Articles Posted in Directors

The law that controls any business organizations is a creature of state law, and disputes among owners in a business divorce involve the application of the law where the business was formed. More often than not that means the law of the state in which the dispute is being heard, but not always. And significantly, at least for our present purposes, it does not mean that we will find the answer to a business divorce issue in the state in which the litigation is pending, even among the binding decisions of the state law where the enterprise was formed.

Here’s an example: a New York court is calleBusiness Divorce Attorneysd upon to determine whether a managing member of a limited liability company breached his or her duty in negotiating a sale of a substantial asset to a third party that the manager negligently believed was an objectively fair price. The plaintiff seeks to expel the manager or to force a dissolution and sale of the business as a going concern. Does the Court apply New Jersey law? If there is no New Jersey case on point – and there is no binding decision on all of the points in this scenario – does the Court apply New York law, and to which issues?

Even if this case is litigated in New Jersey, and there is no law on point, where does the trial court look to guidance. The nearly automatic response is Delaware, because the courts of Delaware have by far the most developed body of law applicable to corporate governance disputes. However, Delaware may be the wrong choice if the limited liability company statute needs interpretation. A well-reasoned decision from an Appellate Court in Illinois, for example, should be much more persuasive to a court construing New Jersey’s limited liability company statute because of the similarity between the two states’ laws.

Shareholder Deadlock AttorneyIs an intractable deadlock among the shareholders good grounds to force the sale of a large, successful corporation? That was the issue before the Delaware Supreme Court in a case in which the trial court’s decision to sell the business as a going concern – over the objection of one shareholder –was affirmed by the Supreme Court.

In this case, a trial court’s ability to fashion and equitable remedy based on the circumstances of the case ran into direct conflict with the limited remedies that are available to minority shareholders under Delaware law.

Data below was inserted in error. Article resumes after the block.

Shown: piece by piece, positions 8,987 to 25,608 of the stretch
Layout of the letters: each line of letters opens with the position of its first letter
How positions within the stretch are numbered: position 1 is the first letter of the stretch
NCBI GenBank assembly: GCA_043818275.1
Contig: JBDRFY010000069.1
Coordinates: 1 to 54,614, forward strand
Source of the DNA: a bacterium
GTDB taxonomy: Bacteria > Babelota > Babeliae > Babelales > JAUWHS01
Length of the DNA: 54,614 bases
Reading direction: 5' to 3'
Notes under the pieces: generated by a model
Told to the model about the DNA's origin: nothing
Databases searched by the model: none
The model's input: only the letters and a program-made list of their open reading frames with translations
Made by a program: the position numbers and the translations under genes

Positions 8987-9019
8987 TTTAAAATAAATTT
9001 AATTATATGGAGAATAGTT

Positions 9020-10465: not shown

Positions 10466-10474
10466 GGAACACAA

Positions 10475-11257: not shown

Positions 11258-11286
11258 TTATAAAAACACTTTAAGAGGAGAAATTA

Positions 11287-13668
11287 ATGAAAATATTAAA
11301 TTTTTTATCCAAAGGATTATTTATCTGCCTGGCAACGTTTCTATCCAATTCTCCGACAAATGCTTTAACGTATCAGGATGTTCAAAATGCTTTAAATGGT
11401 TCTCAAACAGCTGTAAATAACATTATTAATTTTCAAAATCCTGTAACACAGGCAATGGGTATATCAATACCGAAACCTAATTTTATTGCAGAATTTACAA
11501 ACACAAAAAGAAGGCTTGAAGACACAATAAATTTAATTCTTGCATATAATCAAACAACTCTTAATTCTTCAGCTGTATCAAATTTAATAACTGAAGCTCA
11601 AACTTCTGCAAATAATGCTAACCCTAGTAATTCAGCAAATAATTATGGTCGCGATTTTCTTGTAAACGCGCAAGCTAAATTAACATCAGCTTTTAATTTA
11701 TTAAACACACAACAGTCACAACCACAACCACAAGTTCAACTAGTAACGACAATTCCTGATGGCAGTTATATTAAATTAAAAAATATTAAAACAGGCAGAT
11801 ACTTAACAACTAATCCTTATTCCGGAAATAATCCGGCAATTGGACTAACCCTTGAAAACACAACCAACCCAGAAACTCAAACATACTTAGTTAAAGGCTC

Court Orders Sale of Corporation in Shareholder Deadlock

Indemnification legal fees attorney | lawyer
The potential liability of a director for attorney’s fees is what determines whether recoverable litigation expenses are due under the indemnification provisions of Delaware law, the Chancery Court holds.

The expenses at issue were incurred in litigation that wound its way through state and federal courts in Illinois for nearly a decade, including a bankruptcy. The Plaintiff in Dore v. Sweports, Ltd, C.A. No. 10513-VCL (Del. Chancery January 31, 2017) was a former director and investor in Sweports, who was ousted in a dispute with the other directors and locked out of the business. A significant component in the lawsuit involved the services of the law firm that was general counsel and also represented the plaintiff in some of the underlying litigation.

Court Awards Expenses Incurred Under Oral Agreement to Defend Counterclaims by Corporation Against Former Director

Conflict and Negotiation Case Study: The Importance of Sincerity
One of the hardest things about being an effective negotiator is the ability to leave your ego at the door.  We need to listen, not impress.

Seasoned Negotiators, Effective Apologies

As negotiation trainer Jim Camp warns, an effective negotiator learns how to let the other side be “ok,” even when you’re not.  The fact is that no matter how well we listen, no matter how well we employ our negotiator’s tool kit to learn the real interests of the other side, we’re going to make mistakes.

Oppressed Minority Shareholder Attorney

You just learned that an employee secretly formed and operated a competing business while employed by you.  Is there a claim against the competing business or just the employee? Most likely there are viable claims against both.  The fiduciary duties of the employee are likely to be imputed to the company he or she formed.

Breach of Fiduciary Duties

Similar facts were before the court recently in an unfair competition and breach of fiduciary duty case, Vibra-Tech Engineers, Inc. v. Kavalek, Civil Action No.: 08-cv-2646, in the United District Court for the District of New Jersey. (opinion here) A vice president and director of Vibra-Tech, along with his wife, formed two businesses.  One of the businesses sold equipment to Vibra-Tech; the other competed directly for the same customers.  Vibra-Tech, of course, had no idea that one of their executives was involved in the two businesses.

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